The Internet has become a fiber-optic playground. And just like on the playground, no one wants to take a strong position because doing so is akin to wearing weird glasses by the swing set or having a strange haircut by the jungle gym or acting like the Cookie Monster by the slide.
All those writers from Pitchfork – the ones who bully musicians with their 0.6s and 1.3s? Probably the kid running around with the glasses by the swing set.
And you, me, anyone who’s ever made fun of someone’s silly opinion about the Foo Fighters or Skrillex or Nickelback or Staind or Five Finger Death Fist Punch Bludgeon:
Just as bad.
In our race to convince ourselves that we’re different, we’ve all become the same.
Radiohead is Good.
Nickelback is Bad.
New York is The Best.
LA is The Worst.
Apple is My Friend.
Microsoft is My Enemy.
Our average opinion has become our most popular opinion.
And nowhere is this tendency toward simultaneous means, medians and modes more evident than in the abomination that is Pitchfork’s Top 200 list – a list for us, by us, built with the intention of making us feel better but in the end, making us feel worse.
A list that should never have been built, but now that it has, a list that reminds us of everything that’s wrong with groupthink, everything that’s wrong with bullying by the hivemind, everything that’s wrong with mankind’s tendency to exclude the aberrant opinion from the conversation.
And a list that, if I may indulge in a little Pitchforkery of my own (because what Pitchfork does is hardly art) will always hold down an important spot on a list of its own:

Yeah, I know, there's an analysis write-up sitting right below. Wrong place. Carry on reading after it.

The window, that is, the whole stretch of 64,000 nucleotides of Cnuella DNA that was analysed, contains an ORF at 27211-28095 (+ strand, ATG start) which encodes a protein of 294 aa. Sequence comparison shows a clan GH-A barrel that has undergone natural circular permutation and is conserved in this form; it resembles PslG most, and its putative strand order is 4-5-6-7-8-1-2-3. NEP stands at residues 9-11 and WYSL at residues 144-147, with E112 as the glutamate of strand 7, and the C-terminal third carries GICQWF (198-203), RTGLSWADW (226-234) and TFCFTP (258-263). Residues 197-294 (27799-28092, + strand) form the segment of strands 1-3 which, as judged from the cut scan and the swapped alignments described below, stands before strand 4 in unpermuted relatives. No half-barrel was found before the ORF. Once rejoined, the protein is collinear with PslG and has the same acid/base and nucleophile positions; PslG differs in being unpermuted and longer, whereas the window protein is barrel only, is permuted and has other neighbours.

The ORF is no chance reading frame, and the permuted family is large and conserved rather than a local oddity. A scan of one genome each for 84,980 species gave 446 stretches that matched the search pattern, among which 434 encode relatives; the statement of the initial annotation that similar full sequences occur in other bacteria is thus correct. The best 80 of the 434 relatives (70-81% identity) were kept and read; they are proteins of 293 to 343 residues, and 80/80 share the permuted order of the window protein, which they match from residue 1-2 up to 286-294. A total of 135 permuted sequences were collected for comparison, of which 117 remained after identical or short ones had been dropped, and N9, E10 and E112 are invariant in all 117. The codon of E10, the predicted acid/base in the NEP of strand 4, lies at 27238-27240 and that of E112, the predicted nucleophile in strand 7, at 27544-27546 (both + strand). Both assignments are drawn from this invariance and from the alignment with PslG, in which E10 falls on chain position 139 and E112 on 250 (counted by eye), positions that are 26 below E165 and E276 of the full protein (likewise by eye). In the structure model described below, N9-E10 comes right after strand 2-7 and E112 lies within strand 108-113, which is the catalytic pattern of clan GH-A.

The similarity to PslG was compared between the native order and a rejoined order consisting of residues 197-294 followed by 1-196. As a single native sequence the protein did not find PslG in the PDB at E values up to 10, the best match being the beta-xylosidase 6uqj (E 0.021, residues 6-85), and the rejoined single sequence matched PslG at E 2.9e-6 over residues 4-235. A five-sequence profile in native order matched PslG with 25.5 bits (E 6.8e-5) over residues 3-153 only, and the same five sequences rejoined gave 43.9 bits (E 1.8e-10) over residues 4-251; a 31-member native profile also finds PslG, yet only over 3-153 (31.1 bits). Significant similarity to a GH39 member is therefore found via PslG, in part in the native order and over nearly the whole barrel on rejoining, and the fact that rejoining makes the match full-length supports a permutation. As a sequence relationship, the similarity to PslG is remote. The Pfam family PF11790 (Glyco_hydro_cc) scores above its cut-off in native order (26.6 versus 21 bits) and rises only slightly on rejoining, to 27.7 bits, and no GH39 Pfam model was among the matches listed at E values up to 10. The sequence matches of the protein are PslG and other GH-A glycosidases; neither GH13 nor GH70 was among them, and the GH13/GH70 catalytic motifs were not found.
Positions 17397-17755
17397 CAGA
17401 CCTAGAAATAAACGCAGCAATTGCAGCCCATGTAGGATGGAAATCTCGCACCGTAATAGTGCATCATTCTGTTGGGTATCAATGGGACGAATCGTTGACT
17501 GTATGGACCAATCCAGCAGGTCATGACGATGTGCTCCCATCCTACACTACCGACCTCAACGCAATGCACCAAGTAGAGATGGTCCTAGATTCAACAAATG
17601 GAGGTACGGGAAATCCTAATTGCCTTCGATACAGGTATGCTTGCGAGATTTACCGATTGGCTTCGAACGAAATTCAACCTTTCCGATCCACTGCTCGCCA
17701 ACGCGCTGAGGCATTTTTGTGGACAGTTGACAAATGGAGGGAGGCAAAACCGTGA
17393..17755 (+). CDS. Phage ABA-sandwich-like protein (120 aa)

…on The Top 200 Worst Lists Ever Made.
For fun, here’s a list of my top 50 albums from 1996-2009*
*Because it’s too early to judge the long-term significance of anything that came out in the past three years. Also, these are not the “best” albums of that 13-year period. They’re just my favorites, for whatever reasons go into making albums anyone’s favorites.
(And no, this isn’t a competition between my list and Pitchfork’s list, although of course mine is better, winky face; I needed a comedown after getting so worked up!)
50. Bruce Springsteen – The Rising (2002)
49. Yeah Yeah Yeahs – Show Your Bones (2006)
48. Idiot Pilot – Strange We Should Meet Here (2004)
47. Silversun Pickups – Swoon (2009)
46. Sigur Ros – Takk (2005)
45. Radiohead – OK Computer (1997)
44. The Killers – Hot Fuss (2004)
43. The Music – Welcome To The North (2004)
42. The Prodigy – The Fat Of The Land (1997)
41. Manchester Orchestra – Mean Everything To Nothing (2009)
40. Blink-182 – Blink 182 (2003)
39. Fever Ray – Fever Ray (2009)
38. Ratatat – Ratatat (2003)
37. Crystal Castles – Crystal Castles (2008)
36. At The Drive-In – Relationship Of Command (2000)
35. Kings Of Leon – Because Of The Times (2007)
34. Tool – Aenima (1996)
33. My Morning Jacket – It Still Moves (2003)
32. Calla – Televise (2002)
31. Our Lady Peace – Clumsy (1997)
30. Kurt Vile – Childish Prodigy (2009)
29. Girl Talk – Feed The Animals (2008)
28. Black Rebel Motorcycle Club – BRMC (2000)
27. Coldplay – A Rush Of Blood To The Head (2002)
26. Frightened Rabbit – Midnight Organ Fight (2008)
25. Elliott Smith – Figure 8 (2000)
24. Deftones – White Pony (2000)
23. Eluvium – Copia (2007)
22. Everclear – So Much For The Afterglow (1997)
21. TV On The Radio – Return To Cookie Mountain (2006)
20. Jamie T – Panic Prevention (2007)
19. Stellastarr* – Stellastarr* (2003)
18. A Perfect Circle – Mer De Noms (2000)
17. Nada Surf – Let Go (2002)
16. Third Eye Blind – Third Eye Blind (1997)
15. Bright Eyes – Digital Ash In A Digital Urn (2004)
14. The Kills – No Wow (2004)
13. Passion Pit – Manners (2009)
12. Brand New – Deja Entendu (2003)
11. Cut Copy – In Ghost Colours (2008)
10. Our Lady Peace – Gravity (2002)
9. The Dandy Warhols – Thirteen Tales From Urban Bohemia (2000)
8. The National – Boxer (2007)
7. Pete Yorn – Musicforthemorningafter (2001)
6. The Drive-By Truckers – Decoration Day (2003)
5. Local H – As Good As Dead (1996)
4. Cat Power – The Greatest (2006)
3. The Strokes – Is This It (2000)
2. Interpol – Turn On The Bright Lights (2002)
1. Tool – Lateralus (2001)